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Apple’s flagship Singapore store will be powered entirely by solar energy

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Apple NY StoreApple announced on Sunday that it has moved to power its entire Singapore operations with solar energy, the latest in a series of steps from the U.S. phone maker to turn its operations worldwide green.

The Cupertino-based electronics giant has partnered with Singapore's largest solar energy developer Sunseap Group to supply power to Apple's 25000-person corporate campus and retail store. Energy will be obtained from solar energy systems built atop more than 800 buildings in Singapore.

According to reports, the agreement will make Apple the first company in Singapore to be powered exclusively by renewable energy and marks a significant step in its effort to power 100 percent of its facilities and operations worldwide with clean fuel.

The partnership with Apple will also give Sunseap financing to complete the solar project, said Lisa Jackson, Apple's vice president of Environment, Policy and Social Initiatives. Jackson further said in an interview that project was a model in urban greening and would enable Singaporeans to get access to energy while the company would be able to meet its renewable energy goals.

Apple also confirmed the impending opening of its first retail store in Singapore, which will also run on solar energy under the same program.

The iPhone maker has spearheaded a series of projects to clean up its operations at home and overseas. The deal follows a recent announcement to build two renewable energy projects in China. The first project involved building 200 megawatts of solar projects to offset the energy used in Apple's supply chain, while a second project comprised of working with its manufacturing partners to install more than 2 gigawatts of clean energy production over two years.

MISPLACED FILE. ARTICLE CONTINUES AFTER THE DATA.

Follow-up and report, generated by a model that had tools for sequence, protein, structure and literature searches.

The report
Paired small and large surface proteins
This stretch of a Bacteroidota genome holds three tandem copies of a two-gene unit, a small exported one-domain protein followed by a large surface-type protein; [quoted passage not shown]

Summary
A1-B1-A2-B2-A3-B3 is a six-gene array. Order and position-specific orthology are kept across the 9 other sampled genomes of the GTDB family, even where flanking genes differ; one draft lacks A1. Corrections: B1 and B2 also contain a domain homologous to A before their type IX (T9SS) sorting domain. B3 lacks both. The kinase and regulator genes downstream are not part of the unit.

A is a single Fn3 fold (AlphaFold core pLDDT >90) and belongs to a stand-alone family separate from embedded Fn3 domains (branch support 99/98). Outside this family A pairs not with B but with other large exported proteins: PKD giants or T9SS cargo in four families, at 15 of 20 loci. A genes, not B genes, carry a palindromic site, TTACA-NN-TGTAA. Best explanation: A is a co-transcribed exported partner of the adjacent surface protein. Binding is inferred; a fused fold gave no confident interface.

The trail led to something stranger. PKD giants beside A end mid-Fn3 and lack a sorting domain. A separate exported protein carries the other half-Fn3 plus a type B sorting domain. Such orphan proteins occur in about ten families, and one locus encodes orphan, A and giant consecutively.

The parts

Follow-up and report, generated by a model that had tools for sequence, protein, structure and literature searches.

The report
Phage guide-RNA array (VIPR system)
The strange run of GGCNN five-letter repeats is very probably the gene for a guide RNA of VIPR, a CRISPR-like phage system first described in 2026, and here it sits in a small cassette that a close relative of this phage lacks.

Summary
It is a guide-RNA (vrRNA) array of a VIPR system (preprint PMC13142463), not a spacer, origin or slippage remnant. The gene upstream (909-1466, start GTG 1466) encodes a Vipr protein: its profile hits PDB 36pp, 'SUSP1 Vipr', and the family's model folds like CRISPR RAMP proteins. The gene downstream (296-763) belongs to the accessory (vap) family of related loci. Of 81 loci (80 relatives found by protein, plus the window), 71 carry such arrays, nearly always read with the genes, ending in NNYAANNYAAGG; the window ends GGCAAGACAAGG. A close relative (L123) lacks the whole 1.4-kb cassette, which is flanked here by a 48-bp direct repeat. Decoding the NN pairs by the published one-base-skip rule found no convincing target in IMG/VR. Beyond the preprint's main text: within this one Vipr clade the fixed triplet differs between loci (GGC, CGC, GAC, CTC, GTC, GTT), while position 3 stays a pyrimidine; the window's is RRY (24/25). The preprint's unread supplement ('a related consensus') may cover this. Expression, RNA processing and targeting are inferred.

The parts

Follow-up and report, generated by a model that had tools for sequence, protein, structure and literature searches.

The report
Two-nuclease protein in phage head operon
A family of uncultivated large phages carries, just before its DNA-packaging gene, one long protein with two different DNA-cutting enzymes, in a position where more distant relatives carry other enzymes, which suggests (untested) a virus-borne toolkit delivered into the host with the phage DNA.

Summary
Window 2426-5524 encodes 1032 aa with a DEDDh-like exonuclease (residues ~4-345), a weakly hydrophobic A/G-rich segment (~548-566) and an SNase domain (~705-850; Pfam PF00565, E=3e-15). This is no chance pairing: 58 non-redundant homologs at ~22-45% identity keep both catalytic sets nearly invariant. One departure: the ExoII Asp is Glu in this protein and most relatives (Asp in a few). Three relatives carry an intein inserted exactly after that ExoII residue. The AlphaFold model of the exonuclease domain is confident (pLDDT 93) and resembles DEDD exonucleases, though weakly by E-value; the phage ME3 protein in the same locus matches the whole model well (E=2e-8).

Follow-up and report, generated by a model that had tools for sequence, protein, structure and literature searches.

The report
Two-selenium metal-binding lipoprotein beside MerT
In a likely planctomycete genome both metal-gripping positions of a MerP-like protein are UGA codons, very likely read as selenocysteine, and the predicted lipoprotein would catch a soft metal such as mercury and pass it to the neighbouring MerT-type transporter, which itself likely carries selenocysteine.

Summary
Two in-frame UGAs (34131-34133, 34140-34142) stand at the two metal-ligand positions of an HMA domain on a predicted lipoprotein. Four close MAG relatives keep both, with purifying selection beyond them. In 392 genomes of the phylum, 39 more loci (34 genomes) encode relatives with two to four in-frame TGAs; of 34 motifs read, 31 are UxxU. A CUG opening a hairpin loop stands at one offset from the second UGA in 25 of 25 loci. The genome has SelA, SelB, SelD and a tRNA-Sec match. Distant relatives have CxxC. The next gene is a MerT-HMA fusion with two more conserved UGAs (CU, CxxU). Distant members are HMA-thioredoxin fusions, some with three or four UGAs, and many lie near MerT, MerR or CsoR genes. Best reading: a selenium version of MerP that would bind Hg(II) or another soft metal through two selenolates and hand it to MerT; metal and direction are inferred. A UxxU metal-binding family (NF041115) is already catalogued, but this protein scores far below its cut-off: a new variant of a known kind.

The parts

Apple has also committed to purchase power from a California solar farm to supply electricity for its new Silicon Valley campus and other facilities.

In the island-state, the site of one of Apple’s largest overseas campuses is small and heavily populated, leaving little chance for ground-mounted solar arrays. That impelled Sunseap to use rooftops to harness power from the sun.

In Singapore, the rooftop solar panels will be placed on both public-owned buildings and Apple’s own facilities. Apple expects that this agreement will generate 50 megawatts of solar energy, enough to power the equivalent of 9,000 homes.

Apple will receive 33 MW of the project’s capacity for its campus and upcoming store. The project won the backing of Singapore’s development board because it will also provide electricity for public-owned housing, according to Jackson.

Apple has not confirmed the location or the opening date of the Apple Store yet.

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